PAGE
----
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How to protect your corporate secrets


10 April 2017

Bas de Graaf

Blogs by author: Bas de Graaf, Head of Product Management, Security Consulting, BT.


How much value do you put on your corporate secrets? We imagine it’s quite a lot, and that’s why it’s so important to encrypt your communications.

Encryption is on the rise.

Encryption in general is becoming more and more commonplace and, considering the sheer amount of data we now produce and send around the world, that’s no surprise. You need only look at the ubiquity of https when you browse the web, to see that encryption is fast becoming the standard — not just a luxury for people in high-ranking positions.

The likelihood is that you already use encryption as part of your everyday digital life. There is, however, one level of encryption that you may not have considered — your mobile communications.

Protecting phones.

As far back as World War II, people have encrypted phone data to keep their communications secure. This practice continues today, but now it covers mobile phone transmissions and SMS messages, too. This isn’t just the stuff of spy films. The military, major companies, the stock exchange, politicians — people from different levels of various industries and sectors use this encryption to ensure their communications are not captured.

However, not everyone is taking the necessary precautions when it comes to their voice data — and that means your business secrets could be susceptible to mobile-traffic interceptors.

Remember the Angela Merkel phone-tapping incident? German security researchers had previously warned the government about how easy it is to hack a mobile device. But, having not understood the extent of the hacking threat, the German Chancellor ended up having to purchase a €2,500 crypto-chip for her new phone to prevent any unwanted surveillance. And anyone that wanted to contact the Chancellor had to buy the same chip for their own devices.

Examples like this make the case for mobile encryption clear — it’s better to secure yourself now, than risk serious consequences in the future. Angela Merkel may be secure now, but not before she risked state secrets by not taking a tough enough approach to mobile security.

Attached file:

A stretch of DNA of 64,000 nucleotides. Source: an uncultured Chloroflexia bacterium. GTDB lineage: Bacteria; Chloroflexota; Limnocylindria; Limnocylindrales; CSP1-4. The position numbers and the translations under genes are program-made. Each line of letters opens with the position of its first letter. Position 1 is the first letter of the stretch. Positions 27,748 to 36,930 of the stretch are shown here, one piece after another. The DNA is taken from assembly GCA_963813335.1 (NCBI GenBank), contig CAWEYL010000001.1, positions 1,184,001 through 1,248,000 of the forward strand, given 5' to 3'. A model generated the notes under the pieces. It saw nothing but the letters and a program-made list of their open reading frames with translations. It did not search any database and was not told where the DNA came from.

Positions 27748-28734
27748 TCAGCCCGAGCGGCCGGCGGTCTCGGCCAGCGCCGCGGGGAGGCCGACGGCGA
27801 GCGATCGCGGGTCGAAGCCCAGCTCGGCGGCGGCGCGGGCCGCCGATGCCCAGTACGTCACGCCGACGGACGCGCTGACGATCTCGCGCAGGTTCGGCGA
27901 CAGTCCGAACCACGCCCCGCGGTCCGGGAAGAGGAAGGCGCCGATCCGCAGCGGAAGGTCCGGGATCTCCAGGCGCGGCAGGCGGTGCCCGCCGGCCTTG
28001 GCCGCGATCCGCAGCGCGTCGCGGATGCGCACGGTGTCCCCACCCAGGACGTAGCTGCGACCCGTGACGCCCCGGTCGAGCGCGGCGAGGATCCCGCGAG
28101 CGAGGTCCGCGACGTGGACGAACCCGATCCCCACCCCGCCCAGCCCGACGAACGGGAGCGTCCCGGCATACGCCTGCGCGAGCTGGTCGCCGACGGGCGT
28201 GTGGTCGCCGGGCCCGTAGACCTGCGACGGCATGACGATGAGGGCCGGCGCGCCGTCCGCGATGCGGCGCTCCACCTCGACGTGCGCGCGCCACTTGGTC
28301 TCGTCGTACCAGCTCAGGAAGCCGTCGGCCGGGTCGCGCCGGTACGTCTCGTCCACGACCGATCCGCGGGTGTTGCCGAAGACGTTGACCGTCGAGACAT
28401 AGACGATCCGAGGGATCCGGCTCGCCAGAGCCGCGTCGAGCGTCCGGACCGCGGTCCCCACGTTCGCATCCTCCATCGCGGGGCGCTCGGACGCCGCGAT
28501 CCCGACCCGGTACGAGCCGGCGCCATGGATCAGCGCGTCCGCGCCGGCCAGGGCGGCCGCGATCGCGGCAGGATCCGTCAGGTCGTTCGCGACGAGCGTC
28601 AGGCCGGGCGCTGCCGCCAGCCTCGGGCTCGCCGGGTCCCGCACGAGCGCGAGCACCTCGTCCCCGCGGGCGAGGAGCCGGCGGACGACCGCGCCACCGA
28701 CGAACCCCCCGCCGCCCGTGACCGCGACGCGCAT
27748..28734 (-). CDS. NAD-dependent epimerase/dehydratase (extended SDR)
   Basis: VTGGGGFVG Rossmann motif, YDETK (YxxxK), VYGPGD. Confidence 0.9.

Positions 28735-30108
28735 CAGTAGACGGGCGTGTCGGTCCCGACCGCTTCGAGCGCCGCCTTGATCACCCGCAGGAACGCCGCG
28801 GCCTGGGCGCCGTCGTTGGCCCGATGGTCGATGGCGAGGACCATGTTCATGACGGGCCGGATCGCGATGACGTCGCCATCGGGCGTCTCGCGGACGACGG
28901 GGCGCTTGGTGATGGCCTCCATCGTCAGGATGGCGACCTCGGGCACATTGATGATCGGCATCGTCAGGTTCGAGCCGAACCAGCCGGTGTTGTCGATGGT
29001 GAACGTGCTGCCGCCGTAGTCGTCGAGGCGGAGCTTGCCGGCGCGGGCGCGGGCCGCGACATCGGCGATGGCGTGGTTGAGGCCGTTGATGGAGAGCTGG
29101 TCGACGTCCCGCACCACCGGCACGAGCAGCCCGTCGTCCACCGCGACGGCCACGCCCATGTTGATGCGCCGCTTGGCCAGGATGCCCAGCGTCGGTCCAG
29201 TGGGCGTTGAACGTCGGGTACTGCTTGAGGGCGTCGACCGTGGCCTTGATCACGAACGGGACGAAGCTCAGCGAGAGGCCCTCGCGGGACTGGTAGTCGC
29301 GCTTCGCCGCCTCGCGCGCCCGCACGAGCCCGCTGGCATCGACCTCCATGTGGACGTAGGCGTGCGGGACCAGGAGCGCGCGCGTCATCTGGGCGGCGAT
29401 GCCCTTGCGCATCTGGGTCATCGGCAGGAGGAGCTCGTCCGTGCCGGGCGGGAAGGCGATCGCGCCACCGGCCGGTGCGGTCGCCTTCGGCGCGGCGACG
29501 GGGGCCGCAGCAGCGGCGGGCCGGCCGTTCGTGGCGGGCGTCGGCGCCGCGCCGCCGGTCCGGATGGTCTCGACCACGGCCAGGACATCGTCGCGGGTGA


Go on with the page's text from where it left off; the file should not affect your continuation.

Make sure nobody’s listening in on your secrets.

As a business, you want to hold onto your place in the market, and that means protecting your R&D, your intellectual property and your trade secrets. And to keep these safe you need to be sure your mobile traffic can’t be intercepted. To do that, you need Mobile Voice Encryption.

Mobile Voice Encryption stops people from listening in on your phone conversations. This allows mobile users, wherever they are, to communicate with their colleagues in a secure manner, whenever they need to discuss sensitive subjects. It offers:

  • end-to-end encryption for voice, instant messaging and SMS communications
  • encrypted video calls
  • local gateways for encrypted calls to your office
  • a standard downloadable app (Android and iOS) for commercial off-the-shelf smartphones.

And it doesn’t just protect your company — if you work on behalf of clients, it protects them from communications interception, too.

In ten years, it’s likely that Mobile Voice Encryption will be the standard. But, at the moment, that’s not the case. So, I’ll return to my original question: How much value do you put on your corporate secrets? If you put any value on this information at all — then you need to look into Mobile Voice Encryption.

Find out more about how to keep your information private by visiting our security consulting page.